By Jo Stevens, 2024 Environmental Justice Associate

As politicians, CEOs, and others strive to meet their goals for a fossil fuel-free economy and net-zero emissions, it is important to ensure that this transition is accomplished in a just manner, providing access and opportunity for all. 

As most of us are aware, the effects of climate change have worsened during the past decade with a rising number of powerful storms, torrential floods, and forest fires. These events and the extensive damages that result threaten everyone but hit low-income populations the hardest. Although low-income communities especially in non-industrialized countries have contributed the least to the problem, they often are the most susceptible to climate change effects. 

The transition away from fossil fuels presents an opportunity to change the equation. The answer? Ensuring an energy transition that benefits everyone but prioritizes the most vulnerable. A just and equitable energy transition compensates for past harm to affected communities and recommits wealthy nations to their obligations under the Paris Agreement to meet global climate goals. 

What is an equitable energy transition?

An equitable energy transition is a shift away from fossil fuel to systems dominated by renewable sources, where the processes and final products address both energy needs as well as justice and equity concerns. Justice in the energy transition means, in effect, applying a human rights lens throughout the energy supply, delivery, and access chains. 

A just and equitable energy transition supports those with the greatest need and the highest barriers to access including issues of affordability gaps and lack of existing infrastructure. Today, many low-income communities and nations are struggling with extremely high rates of energy poverty, lagging infrastructure, and little or no safety-net programming. To achieve health, education, and development goals, they have an expanding need for safe energy but lack the financing necessary to secure it. These are often the very same communities and countries most affected by climate change.

Why should an equitable transition be prioritized?

Nearly 800 million people, mostly in sub-Saharan Africa, live without any access to electricity. To meet the global climate goals set by the UN, the energy transition must include everyone. However, approximately 1.6 billion people suffer from energy poverty, which is defined as a lack of reliable electricity access and/or a reliance on unimproved cookstoves. Most people living in energy poverty are dependent on nonrenewable, polluting energy sources such as coal, kerosene, diesel and biofuels. This dependence, which impacts nearly one-fourth of the world’s population, results in household air pollution that prematurely kills 3.2 million people a year, a majority of whom are women and children. Achieving net zero by 2050 will be impossible if one-fourth of the world’s population uses fossil and bio fuels as their primary energy sources. Without generous technology transfers and concessionary financing, hundreds of millions of people around the world are at risk of being left behind in the transition.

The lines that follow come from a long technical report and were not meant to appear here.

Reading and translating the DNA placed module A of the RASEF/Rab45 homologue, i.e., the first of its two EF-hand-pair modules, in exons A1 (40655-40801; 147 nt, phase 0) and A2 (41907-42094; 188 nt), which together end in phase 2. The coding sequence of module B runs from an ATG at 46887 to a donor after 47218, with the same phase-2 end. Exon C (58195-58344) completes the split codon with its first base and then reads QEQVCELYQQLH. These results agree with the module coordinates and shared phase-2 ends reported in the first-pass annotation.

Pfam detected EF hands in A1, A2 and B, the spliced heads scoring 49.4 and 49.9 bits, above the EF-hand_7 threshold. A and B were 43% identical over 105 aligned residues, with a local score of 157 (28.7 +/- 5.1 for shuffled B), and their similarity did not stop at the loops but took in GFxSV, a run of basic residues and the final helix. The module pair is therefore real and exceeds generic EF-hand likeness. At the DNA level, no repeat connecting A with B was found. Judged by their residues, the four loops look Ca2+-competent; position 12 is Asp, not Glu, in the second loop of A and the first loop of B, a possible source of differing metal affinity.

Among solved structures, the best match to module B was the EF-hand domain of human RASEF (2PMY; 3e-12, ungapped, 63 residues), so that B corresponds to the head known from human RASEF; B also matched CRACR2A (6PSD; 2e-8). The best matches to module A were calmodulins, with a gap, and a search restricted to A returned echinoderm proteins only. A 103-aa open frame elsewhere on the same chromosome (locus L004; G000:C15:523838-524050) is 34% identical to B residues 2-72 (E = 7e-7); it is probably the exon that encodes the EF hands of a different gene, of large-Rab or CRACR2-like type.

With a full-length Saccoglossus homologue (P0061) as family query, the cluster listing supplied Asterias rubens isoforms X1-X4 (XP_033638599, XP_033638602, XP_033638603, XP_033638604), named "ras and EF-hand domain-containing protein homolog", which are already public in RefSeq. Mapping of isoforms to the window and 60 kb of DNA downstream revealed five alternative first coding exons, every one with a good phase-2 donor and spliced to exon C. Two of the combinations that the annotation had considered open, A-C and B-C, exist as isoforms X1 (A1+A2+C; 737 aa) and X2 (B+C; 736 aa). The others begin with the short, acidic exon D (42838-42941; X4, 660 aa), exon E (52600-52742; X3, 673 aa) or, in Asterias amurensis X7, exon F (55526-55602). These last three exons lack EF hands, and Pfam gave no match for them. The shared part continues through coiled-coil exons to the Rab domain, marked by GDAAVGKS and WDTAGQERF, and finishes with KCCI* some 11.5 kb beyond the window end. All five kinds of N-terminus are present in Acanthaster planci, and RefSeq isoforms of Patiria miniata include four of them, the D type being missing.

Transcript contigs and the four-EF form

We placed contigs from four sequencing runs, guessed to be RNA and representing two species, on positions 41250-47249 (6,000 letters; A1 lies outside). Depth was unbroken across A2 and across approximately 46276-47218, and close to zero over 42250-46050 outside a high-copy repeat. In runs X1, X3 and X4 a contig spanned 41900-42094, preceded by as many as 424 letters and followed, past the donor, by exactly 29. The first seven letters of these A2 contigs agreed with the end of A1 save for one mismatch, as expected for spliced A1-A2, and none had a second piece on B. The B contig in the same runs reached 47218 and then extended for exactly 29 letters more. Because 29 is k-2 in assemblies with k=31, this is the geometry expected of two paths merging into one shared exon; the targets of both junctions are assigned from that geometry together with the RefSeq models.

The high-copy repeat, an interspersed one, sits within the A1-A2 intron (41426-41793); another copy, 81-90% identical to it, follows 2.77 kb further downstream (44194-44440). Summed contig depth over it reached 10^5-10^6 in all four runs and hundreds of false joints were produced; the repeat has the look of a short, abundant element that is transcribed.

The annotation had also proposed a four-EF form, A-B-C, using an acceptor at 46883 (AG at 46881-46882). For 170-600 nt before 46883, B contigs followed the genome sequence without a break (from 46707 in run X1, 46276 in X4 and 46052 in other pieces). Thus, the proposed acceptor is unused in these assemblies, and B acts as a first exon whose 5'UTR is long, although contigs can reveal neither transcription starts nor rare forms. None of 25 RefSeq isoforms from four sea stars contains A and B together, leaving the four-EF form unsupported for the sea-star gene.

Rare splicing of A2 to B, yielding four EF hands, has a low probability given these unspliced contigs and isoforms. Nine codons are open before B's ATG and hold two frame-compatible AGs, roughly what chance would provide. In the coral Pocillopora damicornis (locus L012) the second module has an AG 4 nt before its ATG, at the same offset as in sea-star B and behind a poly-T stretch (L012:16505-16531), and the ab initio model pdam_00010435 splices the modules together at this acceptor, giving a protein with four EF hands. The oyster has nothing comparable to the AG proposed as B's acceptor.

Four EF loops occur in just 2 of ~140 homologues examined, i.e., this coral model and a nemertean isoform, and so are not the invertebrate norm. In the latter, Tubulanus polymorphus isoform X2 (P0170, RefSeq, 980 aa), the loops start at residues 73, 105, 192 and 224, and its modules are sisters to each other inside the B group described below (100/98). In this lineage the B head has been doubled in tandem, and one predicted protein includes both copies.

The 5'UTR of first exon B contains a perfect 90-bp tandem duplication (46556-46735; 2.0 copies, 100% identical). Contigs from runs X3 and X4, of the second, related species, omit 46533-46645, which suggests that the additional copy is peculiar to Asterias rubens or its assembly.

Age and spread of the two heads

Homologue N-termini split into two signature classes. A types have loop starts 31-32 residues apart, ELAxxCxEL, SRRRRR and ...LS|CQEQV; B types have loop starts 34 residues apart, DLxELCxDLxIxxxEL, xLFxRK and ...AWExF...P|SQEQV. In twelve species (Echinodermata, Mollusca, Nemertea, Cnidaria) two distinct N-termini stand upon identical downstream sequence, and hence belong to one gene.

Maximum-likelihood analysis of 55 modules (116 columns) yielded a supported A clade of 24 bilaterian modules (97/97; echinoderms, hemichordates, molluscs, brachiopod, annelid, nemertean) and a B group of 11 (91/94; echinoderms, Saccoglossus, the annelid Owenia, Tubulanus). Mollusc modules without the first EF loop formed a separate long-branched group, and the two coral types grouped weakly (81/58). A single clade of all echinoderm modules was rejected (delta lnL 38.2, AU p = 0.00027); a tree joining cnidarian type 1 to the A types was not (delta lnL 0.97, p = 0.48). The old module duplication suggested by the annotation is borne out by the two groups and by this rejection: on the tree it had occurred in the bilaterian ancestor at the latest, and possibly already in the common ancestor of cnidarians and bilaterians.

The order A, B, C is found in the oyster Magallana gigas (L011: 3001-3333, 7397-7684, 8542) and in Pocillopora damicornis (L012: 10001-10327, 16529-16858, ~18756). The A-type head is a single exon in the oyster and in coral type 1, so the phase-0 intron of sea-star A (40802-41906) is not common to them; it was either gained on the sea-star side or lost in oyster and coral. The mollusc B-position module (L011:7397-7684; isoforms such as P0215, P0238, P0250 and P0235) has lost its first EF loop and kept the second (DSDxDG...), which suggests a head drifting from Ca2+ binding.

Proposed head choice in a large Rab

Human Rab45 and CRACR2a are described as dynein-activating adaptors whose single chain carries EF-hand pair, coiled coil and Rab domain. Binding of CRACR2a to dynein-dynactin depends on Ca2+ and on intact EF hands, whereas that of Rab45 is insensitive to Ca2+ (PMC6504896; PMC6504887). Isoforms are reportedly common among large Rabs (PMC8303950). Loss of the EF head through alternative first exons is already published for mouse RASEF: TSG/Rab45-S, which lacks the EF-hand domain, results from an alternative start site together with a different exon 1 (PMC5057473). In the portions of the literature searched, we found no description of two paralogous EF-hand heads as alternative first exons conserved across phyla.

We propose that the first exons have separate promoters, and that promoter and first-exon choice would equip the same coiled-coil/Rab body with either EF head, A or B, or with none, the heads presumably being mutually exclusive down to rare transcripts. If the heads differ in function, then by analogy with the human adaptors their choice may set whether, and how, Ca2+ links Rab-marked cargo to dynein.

High-income individuals and industrialized nations, which are responsible for the most greenhouse gasses per capita through widespread fossil fuel use, must be willing to share their wealth and knowledge in order to slow climate change and benefit the entire global community. In a 2019 Oxfam report – the most current year for which there is comprehensive data – high-income countries produced 40% of global consumption-based CO2 emissions, while the contribution from low-income countries was a negligible 0.4%.

To right these wrongs, many argue that wealthy polluters should pay losses and damages to low-emitting countries which are now affected the most by severe climate change. From these payments, countries on the frontline of the climate crisis could develop adaptation and energy transition plans. The good news is that at the latest global climate meetings, COP28, a Loss and Damages Fund was created to address this inequity. However, as of this writing, the fund is severely underfunded at $700 million, a fraction of the needed funding. 

LTBLI’s Commitment to Energy Equity:

At Let There Be Light International, we support Climate Action and an equitable energy transition through solar-electrifying frontline health clinics and providing solar lamps to impoverished individuals and families in off-grid Africa. Many rural energy-poor families continue to rely on kerosene and candles for lighting, impacting their safety, health, education, and economic outcomes. The African continent, which is home to nearly one-fifth of the world’s population, contributes less than 3 percent of the global energy-related carbon dioxide emissions. Despite how little the people on the African continent have contributed to our climate crisis, many communities are facing more severe impacts of climate change than the rest of the world. 

To change this equation, we believe in holding those who contributed the most to our climate crisis accountable for past actions through future partnerships with low-resource communities.

Additionally, inclusive policy making, taxing wealthy polluters, and investing in low-income nations’ clean energy infrastructure are key steps to ensure a just and equitable energy transition. The world must transition to clean energy for the survival of us all. If done equitably, the energy transition can not only make the world a safer, cleaner space but a more just one too. 


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Khalfan, Ashfaq, et al. “Climate equality:- A PLANET FOR THE 99%.” 2023.

Ogunbiyi, Damilola. “DELIVERING A JUST AND EQUITABLE ENERGY TRANSITION.” Journal of International Affairs, vol. 75, no. 1, 2022, pp. 121–30. JSTOR, Accessed 5 Feb. 2024.

World Health Organization. (n.d.). 10 things to know about air pollution.